We connected the beams using mortise and tenon joints. Once erected, this joinery allows the frame to be a very strong structure, even in heavy winds.  Because the wood is locust, the joints won’t rot.

Below you will see the two pieces being joined:Rutland Vermont Sign_Timber Frame Joinery_ Green Mountain Timber FramesThe Diagonal Braces

As we were building the sign, I felt that adding in some locust limbs for the diagonal braces would enhance the look.

Locust Wood in Timber Frame Sign by Green Mountain Timber FramesHeading out to the woods, I found some locust trees. I cut some limbs that had natural curves. We pealed off the bark and eventually carved tenons on both ends of each piece.

Tenoned Joinery in Locust Wood_green mountain timber framesAll in all, it was a fun project that took the Green Mountain Timber Frames team about 50 volunteer hours to complete.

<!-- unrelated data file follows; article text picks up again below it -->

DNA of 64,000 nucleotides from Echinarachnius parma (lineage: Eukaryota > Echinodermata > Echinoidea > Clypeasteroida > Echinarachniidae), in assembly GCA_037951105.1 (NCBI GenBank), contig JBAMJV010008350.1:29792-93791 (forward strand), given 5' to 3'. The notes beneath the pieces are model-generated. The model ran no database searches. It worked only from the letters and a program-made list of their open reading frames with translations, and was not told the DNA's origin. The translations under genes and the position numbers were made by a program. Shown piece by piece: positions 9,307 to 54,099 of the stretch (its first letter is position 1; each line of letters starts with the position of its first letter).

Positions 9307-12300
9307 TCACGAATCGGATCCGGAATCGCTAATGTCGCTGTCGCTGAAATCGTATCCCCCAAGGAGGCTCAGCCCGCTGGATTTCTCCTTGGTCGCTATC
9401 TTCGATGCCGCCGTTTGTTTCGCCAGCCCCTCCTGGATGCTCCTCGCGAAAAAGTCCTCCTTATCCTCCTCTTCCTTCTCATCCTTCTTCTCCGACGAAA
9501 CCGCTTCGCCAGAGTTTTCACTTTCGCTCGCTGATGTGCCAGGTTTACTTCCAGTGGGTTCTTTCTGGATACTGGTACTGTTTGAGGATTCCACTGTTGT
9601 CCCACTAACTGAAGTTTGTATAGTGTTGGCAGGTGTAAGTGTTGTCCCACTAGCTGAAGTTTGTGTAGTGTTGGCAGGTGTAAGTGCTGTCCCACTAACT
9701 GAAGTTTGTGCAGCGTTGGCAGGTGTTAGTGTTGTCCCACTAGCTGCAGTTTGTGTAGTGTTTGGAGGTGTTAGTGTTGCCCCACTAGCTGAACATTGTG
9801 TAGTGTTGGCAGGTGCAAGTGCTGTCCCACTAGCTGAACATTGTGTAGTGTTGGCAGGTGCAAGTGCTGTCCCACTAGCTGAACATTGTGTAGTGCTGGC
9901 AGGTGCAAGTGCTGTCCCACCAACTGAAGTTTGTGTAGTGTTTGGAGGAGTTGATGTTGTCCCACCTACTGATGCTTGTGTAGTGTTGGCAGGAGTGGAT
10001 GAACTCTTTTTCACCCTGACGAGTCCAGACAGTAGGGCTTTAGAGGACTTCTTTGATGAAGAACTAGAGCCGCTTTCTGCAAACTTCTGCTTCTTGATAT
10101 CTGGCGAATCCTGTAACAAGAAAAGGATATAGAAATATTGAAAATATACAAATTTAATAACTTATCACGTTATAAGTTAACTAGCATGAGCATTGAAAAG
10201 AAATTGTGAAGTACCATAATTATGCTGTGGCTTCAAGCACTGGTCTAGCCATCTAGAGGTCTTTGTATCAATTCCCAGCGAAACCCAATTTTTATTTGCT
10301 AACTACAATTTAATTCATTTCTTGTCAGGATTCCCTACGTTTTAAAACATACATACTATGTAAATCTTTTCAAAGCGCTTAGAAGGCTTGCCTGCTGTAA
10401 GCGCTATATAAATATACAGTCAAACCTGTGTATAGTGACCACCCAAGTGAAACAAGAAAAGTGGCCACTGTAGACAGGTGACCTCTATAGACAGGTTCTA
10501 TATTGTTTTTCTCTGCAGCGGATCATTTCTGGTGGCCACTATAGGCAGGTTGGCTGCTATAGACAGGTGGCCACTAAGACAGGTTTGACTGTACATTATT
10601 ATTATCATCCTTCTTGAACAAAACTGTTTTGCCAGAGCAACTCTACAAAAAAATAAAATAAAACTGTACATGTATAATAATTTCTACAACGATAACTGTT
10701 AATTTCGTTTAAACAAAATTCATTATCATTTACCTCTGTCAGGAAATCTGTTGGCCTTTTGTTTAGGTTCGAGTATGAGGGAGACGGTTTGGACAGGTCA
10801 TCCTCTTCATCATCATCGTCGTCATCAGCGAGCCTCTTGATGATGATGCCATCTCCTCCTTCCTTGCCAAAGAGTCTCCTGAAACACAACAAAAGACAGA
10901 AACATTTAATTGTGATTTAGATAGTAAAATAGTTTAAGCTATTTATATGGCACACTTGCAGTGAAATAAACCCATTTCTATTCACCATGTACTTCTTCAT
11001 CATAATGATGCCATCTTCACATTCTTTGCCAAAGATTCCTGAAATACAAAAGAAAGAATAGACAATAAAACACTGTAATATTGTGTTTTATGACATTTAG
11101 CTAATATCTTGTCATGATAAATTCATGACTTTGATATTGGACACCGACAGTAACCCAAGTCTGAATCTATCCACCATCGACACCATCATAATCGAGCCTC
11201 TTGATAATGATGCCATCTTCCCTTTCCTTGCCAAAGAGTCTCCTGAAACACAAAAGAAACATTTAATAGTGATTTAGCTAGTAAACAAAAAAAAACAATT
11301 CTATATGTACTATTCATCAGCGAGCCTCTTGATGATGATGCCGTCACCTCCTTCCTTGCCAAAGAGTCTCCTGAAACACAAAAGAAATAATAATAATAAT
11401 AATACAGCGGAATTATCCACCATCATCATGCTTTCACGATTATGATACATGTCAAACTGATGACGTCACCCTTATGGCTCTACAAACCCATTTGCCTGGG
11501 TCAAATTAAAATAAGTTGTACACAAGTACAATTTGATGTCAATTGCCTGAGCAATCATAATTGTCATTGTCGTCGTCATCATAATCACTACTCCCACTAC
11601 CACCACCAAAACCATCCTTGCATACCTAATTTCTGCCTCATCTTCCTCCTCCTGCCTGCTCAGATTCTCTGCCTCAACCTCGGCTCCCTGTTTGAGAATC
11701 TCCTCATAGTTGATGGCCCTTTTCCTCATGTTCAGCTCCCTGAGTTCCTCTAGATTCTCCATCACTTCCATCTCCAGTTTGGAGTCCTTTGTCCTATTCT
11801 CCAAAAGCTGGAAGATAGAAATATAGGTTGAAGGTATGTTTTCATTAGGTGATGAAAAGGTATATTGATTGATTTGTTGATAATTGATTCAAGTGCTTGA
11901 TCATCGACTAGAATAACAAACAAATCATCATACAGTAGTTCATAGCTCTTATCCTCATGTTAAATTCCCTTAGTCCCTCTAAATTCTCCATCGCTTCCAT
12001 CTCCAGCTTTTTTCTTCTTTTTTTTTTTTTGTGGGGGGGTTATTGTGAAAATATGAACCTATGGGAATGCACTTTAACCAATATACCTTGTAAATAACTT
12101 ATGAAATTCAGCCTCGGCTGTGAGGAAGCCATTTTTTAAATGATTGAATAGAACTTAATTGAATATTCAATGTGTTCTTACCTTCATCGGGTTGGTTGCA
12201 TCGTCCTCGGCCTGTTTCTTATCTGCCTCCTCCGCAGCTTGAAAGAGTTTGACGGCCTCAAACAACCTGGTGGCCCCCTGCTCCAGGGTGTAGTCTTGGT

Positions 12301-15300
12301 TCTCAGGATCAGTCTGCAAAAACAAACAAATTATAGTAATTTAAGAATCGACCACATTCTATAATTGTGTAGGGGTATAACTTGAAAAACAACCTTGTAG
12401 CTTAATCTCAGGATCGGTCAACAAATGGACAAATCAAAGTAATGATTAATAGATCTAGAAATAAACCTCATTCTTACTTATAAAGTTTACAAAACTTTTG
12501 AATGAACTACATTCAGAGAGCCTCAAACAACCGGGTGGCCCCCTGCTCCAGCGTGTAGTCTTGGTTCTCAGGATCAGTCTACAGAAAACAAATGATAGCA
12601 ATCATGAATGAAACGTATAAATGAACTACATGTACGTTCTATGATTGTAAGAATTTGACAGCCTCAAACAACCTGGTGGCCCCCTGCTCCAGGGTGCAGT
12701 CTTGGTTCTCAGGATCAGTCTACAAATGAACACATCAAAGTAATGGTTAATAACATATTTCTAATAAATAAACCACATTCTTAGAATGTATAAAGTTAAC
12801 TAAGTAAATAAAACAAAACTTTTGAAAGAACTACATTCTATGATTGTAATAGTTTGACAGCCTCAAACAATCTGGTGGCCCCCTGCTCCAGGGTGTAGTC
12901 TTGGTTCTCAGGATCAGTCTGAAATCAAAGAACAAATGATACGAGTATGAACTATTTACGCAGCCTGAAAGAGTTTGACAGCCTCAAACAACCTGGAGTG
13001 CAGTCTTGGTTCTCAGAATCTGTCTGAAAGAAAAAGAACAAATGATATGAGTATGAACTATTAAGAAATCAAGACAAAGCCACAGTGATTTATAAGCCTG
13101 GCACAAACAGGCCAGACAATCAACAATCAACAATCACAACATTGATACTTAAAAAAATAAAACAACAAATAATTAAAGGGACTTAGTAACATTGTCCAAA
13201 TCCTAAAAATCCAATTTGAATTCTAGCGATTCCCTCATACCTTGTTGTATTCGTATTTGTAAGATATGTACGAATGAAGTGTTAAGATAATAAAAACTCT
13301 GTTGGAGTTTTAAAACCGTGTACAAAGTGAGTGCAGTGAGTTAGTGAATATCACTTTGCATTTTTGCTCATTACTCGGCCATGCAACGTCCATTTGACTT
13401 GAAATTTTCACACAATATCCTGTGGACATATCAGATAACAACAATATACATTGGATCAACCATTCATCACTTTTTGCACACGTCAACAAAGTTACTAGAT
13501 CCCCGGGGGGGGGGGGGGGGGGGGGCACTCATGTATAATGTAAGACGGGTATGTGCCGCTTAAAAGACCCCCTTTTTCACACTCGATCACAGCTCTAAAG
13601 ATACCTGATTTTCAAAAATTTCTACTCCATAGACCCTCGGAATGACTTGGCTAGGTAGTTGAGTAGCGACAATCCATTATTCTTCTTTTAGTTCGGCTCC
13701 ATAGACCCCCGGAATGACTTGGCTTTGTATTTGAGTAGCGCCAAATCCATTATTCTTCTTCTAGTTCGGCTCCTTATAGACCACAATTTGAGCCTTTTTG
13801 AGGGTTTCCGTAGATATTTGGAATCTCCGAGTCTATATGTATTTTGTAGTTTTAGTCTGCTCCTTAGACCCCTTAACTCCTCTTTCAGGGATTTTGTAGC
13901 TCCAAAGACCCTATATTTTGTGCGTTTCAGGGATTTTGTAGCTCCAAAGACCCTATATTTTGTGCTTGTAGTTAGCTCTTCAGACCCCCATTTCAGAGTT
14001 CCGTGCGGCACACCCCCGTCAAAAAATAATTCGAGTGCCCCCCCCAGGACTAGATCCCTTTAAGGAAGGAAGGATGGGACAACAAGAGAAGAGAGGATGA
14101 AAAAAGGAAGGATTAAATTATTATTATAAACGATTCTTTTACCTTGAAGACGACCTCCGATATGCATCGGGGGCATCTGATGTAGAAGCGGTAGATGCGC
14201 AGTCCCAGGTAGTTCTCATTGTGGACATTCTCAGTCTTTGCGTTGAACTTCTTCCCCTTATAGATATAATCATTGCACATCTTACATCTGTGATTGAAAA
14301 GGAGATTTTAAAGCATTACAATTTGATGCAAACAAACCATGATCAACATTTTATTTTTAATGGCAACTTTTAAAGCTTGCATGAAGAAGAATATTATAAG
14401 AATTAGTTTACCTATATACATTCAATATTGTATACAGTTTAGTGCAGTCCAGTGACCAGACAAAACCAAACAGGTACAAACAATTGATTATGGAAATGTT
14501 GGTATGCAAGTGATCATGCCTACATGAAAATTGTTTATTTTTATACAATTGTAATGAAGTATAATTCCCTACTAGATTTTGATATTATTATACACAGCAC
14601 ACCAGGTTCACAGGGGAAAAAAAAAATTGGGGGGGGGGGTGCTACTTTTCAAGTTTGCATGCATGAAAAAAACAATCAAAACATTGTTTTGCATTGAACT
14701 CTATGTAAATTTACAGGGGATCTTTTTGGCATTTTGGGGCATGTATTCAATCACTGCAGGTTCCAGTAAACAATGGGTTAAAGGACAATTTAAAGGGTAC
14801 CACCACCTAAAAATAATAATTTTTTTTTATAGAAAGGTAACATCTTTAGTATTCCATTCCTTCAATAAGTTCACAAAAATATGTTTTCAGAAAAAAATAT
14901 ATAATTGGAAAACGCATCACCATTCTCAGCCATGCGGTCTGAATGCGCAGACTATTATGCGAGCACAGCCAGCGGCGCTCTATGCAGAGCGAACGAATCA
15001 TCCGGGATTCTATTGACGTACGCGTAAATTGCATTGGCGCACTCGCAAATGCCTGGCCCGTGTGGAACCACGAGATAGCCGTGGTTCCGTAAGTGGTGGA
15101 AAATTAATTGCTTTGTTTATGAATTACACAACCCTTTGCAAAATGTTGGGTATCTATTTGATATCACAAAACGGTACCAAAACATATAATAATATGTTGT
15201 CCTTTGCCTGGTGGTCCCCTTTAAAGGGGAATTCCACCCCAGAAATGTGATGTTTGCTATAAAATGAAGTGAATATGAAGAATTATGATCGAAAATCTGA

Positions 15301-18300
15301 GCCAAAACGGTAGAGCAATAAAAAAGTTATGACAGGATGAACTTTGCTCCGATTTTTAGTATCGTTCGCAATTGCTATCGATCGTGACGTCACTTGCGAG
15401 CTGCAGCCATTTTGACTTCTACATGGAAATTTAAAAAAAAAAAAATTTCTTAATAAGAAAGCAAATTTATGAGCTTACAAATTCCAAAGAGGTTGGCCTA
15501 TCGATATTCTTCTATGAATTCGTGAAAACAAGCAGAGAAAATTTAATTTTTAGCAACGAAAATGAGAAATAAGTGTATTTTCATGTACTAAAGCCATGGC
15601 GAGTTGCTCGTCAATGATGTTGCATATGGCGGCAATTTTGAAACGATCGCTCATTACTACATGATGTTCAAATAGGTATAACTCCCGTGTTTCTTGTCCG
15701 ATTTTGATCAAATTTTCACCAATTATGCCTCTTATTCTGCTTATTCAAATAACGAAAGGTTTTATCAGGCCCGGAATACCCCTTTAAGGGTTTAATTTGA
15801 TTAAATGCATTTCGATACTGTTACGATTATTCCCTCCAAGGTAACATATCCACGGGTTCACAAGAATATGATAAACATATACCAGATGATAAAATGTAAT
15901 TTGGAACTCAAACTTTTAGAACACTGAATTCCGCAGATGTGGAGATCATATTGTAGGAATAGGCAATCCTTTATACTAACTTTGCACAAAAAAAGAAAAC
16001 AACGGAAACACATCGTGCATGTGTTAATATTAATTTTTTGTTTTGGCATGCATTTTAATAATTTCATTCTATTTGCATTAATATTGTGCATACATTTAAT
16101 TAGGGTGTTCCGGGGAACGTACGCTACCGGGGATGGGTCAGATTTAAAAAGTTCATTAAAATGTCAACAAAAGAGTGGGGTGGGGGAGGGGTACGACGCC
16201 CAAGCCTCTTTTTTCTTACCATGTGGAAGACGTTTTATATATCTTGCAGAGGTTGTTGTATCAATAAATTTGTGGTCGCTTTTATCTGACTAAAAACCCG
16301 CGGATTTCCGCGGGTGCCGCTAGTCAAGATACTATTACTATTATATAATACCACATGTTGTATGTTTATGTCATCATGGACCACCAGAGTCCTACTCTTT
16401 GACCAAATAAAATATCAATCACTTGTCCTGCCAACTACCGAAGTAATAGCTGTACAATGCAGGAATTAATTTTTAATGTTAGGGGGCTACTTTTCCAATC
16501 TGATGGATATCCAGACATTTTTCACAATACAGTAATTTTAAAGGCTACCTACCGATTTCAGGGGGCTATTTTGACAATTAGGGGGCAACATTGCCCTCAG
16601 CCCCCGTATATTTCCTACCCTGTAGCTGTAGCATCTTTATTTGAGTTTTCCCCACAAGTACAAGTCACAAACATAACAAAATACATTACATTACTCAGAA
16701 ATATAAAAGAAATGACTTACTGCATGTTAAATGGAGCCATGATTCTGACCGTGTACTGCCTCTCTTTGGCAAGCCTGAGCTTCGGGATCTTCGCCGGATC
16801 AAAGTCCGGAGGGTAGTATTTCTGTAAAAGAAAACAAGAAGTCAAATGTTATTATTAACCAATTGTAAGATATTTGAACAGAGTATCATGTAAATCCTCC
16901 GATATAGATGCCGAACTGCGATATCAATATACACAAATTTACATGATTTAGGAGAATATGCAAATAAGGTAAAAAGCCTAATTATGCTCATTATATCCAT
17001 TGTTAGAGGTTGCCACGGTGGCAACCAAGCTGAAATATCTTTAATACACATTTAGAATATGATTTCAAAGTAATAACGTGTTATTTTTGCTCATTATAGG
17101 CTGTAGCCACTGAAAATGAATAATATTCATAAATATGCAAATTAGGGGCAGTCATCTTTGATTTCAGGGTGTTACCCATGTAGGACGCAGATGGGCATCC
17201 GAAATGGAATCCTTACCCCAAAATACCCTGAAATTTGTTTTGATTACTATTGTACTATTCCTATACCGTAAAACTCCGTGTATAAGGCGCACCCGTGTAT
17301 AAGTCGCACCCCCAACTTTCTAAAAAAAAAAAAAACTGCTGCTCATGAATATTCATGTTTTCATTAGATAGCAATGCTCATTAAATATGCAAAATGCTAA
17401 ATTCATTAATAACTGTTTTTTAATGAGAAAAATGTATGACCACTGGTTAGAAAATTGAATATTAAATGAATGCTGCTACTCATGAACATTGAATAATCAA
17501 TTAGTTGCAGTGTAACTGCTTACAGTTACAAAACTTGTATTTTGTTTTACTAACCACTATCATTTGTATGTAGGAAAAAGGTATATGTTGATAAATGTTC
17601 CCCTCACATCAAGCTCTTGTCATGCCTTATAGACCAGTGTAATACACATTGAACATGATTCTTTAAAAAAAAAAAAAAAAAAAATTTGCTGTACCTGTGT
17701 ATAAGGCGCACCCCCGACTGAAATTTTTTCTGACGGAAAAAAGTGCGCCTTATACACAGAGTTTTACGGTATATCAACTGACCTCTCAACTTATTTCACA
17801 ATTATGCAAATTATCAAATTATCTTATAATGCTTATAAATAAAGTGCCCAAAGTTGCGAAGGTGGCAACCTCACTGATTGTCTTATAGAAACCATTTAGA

Interested in your own timber frame structure?

Our main focus is on historic properties and timber frame homes, but we have other talents as well!  Interested in furniture that compliments a timbered home or something else special?

Let us know! 802.774.8972

Restoration of a Hand Hewn Pine Barn Frame, c. 1840

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Welcome to the heart of spring in Vermont!

Last week in Pomfret, Vermont, beneath a canopy of new leaves and apple blossoms, we tipped up another beautiful timber frame barn.  Below, you can see the barn as it originally stood in Benson, Vermont.

Old Barn home_Original LocationThis hand hewn frame, made of pine timbers, stood 21 feet wide x 30 feet long and was originally a meadow barn, built in the 1840s. We took it down a few years ago, restored the structure and erected it at our workshop. We used it to store materials until recently, when it was chosen to fit the needs of a new owner.

The goal of this barn restoration project is to erect the restored frame and finish the exterior and interior walls with seasoned barn boards. The owners want this “new” barn to look as if it has called the Pomfret site its home for at least 100 years.